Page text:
Diagnosis and treatment of sexually transmitted diseases

STIs are sexually transmitted infections (STIs). Different pathogens – bacteria, viruses, fungi or parasites – can be transmitted from one person to another through sex. As the pathogens are extremely sensitive to external conditions (they are destroyed by temperature changes, dehydration, etc.), it is not possible to contract sexually transmitted diseases in the bathing area, by using a shared toilet or in any other such way.

Sexually transmitted diseases can be roughly divided into

  • diseases causing genital ulcers (genital herpes, syphilis),
  • diseases causing genital inflammation (chlamydiosis, trichomoniasis, gonorrhoea, ureaplasmosis, mycoplasmosis), and
  • illnesses that affect the body in general (HIV, hepatitis B or C).

The following are signs or situations when it is advisable to be tested for STIs:

  • if you or your partner have multiple sexual partners;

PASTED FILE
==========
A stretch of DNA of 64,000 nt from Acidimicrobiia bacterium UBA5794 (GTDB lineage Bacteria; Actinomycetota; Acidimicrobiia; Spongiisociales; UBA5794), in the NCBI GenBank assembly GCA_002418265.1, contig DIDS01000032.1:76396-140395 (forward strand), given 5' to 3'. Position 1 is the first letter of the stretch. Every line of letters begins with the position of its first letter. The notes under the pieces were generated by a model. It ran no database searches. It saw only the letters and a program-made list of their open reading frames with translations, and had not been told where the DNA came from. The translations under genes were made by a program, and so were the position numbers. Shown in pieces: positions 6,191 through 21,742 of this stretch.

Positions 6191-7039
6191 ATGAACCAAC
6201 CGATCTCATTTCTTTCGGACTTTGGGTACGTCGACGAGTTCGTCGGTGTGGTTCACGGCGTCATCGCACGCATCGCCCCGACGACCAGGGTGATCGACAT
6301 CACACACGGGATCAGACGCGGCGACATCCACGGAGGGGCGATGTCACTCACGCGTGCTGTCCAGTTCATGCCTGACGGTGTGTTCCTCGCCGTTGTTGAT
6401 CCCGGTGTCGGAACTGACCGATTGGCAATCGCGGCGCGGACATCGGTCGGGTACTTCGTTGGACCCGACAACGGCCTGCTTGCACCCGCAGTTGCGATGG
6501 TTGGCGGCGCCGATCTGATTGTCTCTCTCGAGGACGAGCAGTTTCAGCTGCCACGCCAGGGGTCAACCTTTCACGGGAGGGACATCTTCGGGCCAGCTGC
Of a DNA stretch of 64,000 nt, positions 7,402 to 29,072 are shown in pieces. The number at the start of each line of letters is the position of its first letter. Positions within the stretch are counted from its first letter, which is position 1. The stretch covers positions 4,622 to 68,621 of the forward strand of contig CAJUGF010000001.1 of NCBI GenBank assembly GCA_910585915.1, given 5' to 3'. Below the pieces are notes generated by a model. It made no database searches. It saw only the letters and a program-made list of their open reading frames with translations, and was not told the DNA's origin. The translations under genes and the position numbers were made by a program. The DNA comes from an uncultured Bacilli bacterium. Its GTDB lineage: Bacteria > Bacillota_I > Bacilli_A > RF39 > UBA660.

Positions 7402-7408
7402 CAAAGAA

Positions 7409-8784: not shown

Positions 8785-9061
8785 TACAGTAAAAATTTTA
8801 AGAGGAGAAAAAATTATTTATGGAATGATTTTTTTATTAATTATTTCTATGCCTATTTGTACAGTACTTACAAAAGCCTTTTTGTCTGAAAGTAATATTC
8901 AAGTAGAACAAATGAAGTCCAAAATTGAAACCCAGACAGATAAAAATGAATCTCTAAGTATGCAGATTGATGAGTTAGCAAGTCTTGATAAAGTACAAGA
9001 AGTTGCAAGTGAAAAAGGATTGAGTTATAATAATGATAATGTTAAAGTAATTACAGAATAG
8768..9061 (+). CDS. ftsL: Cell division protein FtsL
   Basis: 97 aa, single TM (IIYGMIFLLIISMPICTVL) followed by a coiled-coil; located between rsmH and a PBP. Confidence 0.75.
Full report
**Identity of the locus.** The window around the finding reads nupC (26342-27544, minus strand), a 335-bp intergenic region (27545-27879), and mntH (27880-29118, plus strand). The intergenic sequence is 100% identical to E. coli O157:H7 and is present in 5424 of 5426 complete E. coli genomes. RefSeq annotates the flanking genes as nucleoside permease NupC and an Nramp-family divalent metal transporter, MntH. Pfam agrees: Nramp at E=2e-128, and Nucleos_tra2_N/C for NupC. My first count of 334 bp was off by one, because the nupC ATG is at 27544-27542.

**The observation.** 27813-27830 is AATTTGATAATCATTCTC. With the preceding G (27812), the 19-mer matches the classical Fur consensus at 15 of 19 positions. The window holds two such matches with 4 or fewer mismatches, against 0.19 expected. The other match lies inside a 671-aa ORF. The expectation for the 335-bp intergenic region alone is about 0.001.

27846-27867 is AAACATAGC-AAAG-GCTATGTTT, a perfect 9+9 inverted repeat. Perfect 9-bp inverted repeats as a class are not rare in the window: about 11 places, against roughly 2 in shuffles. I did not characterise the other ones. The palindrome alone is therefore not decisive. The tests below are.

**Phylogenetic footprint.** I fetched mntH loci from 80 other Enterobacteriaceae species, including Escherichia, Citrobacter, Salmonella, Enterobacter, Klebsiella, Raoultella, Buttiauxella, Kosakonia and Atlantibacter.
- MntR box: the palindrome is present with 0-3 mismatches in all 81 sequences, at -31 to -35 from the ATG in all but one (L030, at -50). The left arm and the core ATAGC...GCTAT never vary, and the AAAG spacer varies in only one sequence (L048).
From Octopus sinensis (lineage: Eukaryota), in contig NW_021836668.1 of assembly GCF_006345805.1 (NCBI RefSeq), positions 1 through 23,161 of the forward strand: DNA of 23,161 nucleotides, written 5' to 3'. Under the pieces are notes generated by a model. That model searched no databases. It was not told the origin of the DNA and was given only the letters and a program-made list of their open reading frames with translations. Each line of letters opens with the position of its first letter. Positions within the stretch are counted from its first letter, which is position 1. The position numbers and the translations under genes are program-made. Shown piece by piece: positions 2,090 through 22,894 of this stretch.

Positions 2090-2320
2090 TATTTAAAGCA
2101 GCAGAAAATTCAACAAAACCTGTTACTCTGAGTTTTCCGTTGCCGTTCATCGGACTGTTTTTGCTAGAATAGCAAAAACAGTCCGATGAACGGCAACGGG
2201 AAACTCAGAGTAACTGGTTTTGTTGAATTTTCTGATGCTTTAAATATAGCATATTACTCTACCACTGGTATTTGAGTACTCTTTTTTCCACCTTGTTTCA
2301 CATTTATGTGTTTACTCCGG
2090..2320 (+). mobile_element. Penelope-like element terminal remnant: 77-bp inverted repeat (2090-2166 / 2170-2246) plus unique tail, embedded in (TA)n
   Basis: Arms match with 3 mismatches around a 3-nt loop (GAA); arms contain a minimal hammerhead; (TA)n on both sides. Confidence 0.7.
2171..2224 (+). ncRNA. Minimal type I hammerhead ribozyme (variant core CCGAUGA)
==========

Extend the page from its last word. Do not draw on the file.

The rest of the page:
• if your partner has a diagnosed sexually transmitted disease;
  • unprotected intercourse with a new or casual sexual partner;
  • before starting a new sexual relationship;
  • during pregnancy planning and/or at the beginning of pregnancy (sexually transmitted diseases can be passed from mother to child during pregnancy or childbirth, which can result in miscarriage or newborn morbidity with resulting complications);
  • if you suspect you have a sexually transmitted disease (STD): the most common symptoms are discharge (vaginal discharge in women, urinary discharge in men), change in the nature of the discharge (e.g. change in smell), pain when urinating, pain during intercourse, bleeding after intercourse, blisters or sores in the genital area, rectal discharge.

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